The scientific data and the “essential” nature of a good education in today’s economy are the likely reasons other countries have already opened their schools. Not only are nations that took a more laissez-faire response to COVID-19 doing this — countries like Sweden — but also ones that took stricter measures like France, Taiwan, Germany, South Korea, and even Canada. Somehow, proponents of school closures have to believe that U.S. students are more at risk than their neighbors up north.

By most evidence, it could very well be the case that two months from now that American students will be sitting at home, pretending to do schoolwork while the rest of the world has already made its way down the curve of COVID-19 infections. Parents who could have been working and earning money for their children will continue relying on future taxpayers’ checks to stay afloat. And taxpayers will continue funding teachers and administrators for devising what often amounts to imitations of free educational websites like Kahn Academy or Crash Course.

Most Americans may sympathize now with administrators and teachers not wanting to return to work — it’s still summer after all — but this will probably change when the hype behind a COVID resurgence becomes apparent. Instead of seeing professionals properly respond to a legitimate threat, they will see a group of irresponsible hacks exploiting a crisis. In too many cases, it will be mass complacency causing these closures, not reasonable fear.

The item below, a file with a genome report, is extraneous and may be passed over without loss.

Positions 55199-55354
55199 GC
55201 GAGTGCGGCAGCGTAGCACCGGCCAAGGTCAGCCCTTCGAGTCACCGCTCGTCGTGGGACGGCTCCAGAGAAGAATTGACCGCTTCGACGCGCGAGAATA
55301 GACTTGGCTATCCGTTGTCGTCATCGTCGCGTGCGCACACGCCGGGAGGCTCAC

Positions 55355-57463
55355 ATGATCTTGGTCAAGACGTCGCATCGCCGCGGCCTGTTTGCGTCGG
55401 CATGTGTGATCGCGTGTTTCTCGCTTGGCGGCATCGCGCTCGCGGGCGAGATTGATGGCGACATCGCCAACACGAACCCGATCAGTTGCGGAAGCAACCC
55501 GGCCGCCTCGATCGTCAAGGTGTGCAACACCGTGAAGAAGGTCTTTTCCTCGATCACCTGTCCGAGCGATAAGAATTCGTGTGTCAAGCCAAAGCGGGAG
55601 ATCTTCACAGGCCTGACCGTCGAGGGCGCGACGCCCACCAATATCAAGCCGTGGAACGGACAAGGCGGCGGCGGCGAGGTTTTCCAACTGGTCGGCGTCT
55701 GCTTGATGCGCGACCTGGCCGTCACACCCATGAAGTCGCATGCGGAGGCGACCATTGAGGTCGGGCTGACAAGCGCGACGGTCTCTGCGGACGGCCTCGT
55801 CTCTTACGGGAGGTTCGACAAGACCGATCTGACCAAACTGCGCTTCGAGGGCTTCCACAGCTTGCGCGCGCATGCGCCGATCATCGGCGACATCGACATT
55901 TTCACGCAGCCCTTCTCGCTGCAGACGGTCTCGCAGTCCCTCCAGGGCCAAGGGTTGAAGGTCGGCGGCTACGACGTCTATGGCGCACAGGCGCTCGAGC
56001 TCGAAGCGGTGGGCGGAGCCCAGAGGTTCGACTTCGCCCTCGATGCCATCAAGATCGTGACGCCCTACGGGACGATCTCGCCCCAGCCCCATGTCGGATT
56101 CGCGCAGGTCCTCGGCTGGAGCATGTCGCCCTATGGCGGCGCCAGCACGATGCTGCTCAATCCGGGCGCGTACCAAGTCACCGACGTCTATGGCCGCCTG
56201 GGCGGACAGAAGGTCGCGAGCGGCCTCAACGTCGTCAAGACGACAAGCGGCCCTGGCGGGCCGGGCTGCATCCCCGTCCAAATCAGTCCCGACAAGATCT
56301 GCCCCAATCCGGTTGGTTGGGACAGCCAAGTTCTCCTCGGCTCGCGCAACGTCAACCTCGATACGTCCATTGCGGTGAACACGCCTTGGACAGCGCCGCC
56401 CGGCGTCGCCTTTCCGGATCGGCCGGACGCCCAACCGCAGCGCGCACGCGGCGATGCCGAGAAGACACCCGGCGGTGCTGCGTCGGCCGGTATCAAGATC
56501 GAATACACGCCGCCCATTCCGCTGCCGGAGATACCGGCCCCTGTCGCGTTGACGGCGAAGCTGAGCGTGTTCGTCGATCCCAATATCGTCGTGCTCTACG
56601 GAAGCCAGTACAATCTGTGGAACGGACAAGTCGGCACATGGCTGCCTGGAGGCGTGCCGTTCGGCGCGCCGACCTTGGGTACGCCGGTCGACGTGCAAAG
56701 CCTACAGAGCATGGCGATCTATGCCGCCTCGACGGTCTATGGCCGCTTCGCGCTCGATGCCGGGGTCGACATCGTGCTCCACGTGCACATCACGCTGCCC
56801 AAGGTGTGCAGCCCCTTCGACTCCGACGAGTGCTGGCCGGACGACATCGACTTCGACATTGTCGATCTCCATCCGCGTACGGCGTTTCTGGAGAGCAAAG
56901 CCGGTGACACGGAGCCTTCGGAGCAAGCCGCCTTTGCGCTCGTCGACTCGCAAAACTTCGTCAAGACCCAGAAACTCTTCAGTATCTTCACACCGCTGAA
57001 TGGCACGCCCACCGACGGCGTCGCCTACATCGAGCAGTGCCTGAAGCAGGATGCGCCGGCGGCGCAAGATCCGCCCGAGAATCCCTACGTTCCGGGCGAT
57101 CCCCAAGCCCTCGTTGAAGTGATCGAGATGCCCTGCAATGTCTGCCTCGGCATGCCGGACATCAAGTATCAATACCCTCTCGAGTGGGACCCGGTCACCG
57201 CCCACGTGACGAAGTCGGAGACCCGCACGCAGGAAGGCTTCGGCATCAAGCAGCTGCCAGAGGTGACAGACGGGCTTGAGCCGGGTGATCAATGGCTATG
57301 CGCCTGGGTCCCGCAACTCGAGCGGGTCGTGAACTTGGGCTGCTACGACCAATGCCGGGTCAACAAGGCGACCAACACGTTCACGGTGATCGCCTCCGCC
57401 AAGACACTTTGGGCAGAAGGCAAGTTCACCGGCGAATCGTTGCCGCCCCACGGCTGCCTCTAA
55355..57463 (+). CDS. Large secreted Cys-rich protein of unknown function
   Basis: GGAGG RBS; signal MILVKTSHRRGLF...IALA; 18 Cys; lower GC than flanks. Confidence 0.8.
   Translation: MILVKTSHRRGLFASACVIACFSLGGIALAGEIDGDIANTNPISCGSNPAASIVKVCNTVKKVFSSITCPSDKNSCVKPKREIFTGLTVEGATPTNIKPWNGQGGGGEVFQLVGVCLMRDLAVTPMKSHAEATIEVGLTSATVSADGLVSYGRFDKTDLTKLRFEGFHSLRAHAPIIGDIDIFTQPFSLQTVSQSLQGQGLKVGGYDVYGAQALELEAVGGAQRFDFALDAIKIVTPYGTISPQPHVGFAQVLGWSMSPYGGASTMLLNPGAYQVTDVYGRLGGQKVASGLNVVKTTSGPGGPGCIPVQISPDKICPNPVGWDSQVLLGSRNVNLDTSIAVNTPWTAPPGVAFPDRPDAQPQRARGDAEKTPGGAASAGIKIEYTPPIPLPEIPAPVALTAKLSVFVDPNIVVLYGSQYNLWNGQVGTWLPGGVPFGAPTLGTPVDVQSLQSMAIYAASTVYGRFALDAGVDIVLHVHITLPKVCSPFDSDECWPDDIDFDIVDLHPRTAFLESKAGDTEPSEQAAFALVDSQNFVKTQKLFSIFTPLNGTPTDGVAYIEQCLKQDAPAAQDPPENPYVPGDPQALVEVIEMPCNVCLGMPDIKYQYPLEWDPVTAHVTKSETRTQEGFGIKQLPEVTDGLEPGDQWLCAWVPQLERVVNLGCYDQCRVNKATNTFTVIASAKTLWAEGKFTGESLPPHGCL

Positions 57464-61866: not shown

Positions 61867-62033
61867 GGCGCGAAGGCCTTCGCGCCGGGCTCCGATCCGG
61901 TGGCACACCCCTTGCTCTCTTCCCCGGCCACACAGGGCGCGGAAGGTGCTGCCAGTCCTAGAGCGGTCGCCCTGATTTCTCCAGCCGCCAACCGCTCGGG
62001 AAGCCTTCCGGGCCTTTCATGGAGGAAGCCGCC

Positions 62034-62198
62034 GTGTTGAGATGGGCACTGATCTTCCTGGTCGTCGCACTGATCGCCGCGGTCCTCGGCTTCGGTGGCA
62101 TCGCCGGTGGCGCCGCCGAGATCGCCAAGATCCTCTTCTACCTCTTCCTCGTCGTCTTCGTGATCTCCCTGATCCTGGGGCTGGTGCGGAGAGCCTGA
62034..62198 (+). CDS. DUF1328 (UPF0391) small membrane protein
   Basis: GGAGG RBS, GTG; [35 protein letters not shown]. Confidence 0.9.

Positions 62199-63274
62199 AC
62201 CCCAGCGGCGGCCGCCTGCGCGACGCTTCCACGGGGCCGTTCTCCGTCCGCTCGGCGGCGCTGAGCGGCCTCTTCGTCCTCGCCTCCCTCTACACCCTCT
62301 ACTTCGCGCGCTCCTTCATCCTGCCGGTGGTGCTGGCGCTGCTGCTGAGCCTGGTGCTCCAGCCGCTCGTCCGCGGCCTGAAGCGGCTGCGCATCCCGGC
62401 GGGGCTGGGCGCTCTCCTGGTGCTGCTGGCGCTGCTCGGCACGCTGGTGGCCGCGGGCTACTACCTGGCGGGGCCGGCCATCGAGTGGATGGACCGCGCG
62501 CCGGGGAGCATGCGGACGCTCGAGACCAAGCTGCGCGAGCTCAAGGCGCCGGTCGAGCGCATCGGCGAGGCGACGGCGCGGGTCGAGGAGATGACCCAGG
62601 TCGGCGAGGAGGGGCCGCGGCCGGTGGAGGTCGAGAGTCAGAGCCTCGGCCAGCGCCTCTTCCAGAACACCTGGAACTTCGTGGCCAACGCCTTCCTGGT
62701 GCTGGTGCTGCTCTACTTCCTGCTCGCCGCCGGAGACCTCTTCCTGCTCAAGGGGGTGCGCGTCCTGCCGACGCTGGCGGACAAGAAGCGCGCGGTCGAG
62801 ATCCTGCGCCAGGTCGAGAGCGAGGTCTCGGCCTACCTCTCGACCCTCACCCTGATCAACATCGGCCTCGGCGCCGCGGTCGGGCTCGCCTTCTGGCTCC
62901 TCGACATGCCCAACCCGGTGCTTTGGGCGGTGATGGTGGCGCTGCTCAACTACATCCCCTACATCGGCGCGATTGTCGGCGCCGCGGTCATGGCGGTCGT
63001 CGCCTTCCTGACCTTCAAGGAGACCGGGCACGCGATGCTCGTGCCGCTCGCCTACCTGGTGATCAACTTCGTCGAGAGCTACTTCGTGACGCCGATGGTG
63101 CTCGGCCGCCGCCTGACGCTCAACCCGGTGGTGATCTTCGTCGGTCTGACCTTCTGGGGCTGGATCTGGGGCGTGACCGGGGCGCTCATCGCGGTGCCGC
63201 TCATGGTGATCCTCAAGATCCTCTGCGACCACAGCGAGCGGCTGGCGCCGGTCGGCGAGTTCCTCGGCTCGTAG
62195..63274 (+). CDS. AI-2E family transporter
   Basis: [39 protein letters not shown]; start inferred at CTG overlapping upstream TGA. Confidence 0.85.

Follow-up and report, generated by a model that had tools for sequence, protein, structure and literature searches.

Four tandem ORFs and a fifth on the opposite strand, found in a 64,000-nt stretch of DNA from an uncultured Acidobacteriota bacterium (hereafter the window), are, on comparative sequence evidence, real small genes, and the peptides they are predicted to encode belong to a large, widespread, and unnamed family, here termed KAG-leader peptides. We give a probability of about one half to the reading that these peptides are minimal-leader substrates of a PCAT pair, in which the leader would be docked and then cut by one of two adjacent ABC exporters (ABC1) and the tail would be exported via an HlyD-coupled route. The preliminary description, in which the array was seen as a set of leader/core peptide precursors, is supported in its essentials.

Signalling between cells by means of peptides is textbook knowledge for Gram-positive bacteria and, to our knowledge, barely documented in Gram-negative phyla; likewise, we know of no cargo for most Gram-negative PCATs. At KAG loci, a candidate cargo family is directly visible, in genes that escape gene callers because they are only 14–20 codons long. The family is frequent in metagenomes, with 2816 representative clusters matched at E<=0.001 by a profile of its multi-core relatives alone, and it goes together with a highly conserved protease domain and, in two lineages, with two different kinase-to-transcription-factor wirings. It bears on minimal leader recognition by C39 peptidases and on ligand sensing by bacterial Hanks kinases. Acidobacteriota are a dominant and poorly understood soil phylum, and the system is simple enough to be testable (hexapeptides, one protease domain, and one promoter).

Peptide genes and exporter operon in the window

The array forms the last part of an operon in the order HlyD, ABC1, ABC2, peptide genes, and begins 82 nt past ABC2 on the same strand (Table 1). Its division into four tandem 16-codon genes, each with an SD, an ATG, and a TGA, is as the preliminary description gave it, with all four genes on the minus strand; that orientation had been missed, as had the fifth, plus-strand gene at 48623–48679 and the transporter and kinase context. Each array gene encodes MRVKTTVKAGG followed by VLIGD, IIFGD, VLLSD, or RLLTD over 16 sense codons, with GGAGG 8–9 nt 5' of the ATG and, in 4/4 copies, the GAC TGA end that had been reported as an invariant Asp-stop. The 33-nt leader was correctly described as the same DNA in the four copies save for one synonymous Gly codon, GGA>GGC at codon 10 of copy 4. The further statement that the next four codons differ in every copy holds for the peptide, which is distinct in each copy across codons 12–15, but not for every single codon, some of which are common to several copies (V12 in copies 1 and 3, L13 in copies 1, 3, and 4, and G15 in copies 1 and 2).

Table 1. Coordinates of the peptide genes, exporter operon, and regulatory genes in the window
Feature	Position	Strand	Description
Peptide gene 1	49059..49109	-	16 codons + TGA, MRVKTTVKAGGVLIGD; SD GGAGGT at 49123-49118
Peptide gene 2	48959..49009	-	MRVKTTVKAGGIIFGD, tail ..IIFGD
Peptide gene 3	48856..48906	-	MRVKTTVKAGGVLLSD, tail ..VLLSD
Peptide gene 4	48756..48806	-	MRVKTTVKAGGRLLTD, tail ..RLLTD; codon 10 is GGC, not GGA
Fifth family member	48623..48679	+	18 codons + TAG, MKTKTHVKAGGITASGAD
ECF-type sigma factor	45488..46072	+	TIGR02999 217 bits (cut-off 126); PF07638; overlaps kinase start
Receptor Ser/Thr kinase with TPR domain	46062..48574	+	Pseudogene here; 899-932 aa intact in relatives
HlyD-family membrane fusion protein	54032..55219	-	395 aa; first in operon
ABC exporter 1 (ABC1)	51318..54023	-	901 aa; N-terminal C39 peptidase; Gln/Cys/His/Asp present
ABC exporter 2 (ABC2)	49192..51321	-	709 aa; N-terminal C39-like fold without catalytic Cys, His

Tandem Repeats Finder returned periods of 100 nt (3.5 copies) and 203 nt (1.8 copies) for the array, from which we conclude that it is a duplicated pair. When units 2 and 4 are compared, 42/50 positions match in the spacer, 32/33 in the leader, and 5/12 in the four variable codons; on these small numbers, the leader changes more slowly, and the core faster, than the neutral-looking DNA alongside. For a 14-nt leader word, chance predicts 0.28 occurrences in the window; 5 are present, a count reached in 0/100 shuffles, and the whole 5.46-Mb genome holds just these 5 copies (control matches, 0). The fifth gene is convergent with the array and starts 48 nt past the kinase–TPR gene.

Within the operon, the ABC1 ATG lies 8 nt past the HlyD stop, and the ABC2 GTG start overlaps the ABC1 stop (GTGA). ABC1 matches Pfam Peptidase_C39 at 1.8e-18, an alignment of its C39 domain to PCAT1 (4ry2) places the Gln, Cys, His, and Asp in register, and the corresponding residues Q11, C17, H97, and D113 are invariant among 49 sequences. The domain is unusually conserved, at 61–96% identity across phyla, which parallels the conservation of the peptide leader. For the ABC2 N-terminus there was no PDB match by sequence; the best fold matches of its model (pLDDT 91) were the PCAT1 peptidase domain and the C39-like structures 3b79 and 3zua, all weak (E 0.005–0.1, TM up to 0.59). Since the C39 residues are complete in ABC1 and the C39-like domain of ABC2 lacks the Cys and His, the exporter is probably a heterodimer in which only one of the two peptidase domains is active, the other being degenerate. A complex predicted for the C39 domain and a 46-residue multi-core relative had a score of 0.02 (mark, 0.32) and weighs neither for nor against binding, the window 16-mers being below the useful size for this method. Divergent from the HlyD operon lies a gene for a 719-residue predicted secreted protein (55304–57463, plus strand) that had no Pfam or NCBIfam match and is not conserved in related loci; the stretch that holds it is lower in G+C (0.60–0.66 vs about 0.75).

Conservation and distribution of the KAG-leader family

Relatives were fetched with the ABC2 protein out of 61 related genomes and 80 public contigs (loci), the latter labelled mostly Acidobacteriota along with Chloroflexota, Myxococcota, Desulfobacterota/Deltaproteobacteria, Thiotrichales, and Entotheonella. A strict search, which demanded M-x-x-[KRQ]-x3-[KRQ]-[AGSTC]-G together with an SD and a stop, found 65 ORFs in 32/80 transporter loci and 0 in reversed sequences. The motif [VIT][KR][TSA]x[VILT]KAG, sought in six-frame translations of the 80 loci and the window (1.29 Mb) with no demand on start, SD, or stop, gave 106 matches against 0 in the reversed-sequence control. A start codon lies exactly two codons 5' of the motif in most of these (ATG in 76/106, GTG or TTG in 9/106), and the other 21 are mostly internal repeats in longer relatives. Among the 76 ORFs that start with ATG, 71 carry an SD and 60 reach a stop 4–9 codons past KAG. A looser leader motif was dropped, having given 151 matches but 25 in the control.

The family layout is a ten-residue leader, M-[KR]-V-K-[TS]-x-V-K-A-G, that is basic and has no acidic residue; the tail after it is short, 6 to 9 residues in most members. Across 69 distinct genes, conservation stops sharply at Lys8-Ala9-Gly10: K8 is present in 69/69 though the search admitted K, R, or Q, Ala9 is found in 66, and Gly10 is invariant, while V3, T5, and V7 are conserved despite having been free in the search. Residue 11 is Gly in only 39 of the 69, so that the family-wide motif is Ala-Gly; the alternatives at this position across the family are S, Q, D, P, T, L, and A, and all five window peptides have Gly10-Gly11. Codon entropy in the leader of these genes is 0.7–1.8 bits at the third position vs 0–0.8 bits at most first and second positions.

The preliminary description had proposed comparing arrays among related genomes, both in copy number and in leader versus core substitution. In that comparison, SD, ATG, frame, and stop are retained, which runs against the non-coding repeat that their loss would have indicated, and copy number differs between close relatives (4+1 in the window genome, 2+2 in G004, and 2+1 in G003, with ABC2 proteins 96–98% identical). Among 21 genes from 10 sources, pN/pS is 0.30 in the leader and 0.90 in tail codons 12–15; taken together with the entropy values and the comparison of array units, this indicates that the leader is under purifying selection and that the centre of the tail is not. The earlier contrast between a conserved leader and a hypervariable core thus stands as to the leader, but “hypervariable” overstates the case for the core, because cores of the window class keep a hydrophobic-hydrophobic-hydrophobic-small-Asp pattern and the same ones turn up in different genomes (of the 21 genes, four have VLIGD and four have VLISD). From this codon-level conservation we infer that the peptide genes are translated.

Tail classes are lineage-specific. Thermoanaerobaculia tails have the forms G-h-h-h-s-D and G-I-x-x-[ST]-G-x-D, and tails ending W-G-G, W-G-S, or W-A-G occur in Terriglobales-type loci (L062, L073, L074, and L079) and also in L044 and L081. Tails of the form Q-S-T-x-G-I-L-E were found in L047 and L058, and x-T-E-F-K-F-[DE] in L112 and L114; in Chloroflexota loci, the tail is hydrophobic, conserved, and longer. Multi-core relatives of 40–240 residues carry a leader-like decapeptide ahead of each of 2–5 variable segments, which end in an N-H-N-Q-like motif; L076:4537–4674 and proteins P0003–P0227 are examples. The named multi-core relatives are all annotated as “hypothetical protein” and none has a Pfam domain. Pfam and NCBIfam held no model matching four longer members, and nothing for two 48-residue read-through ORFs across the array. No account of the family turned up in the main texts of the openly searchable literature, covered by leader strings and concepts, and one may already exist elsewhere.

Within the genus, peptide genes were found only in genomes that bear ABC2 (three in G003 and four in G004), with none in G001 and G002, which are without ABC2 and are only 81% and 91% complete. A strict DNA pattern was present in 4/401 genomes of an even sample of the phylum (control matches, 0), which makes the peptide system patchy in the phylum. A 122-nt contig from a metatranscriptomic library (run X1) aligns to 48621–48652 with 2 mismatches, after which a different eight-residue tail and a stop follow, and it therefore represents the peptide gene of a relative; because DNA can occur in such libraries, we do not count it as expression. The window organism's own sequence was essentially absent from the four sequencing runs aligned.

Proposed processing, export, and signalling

If there was ever an argument for school choice, this is it. When enrollment dollars are on the line, delaying school or doing extended closures would be unthinkable. But when public school districts have a monopoly, then they can easily justify this move.

Whether or not they offer a genuinely good education or even stay open, most students have to attend these schools because they have nowhere else to go. By contrast, private businesses cannot hold their customers captive this way. If they close, they lose customers and go bankrupt — which is exactly what happened to many companies during the COVID-19 shutdowns.

More importantly, school choice rewards passionate, hardworking teachers with better compensation and actual students to teach. Right now, there isn’t much incentive to be brave and go to work, nor is there extra compensation for those who provide high-quality instruction. No school is competing for students or the best teachers; rather, they are competing for government funds and more relaxed standards, which only incentivize questionable excuses and weak performances.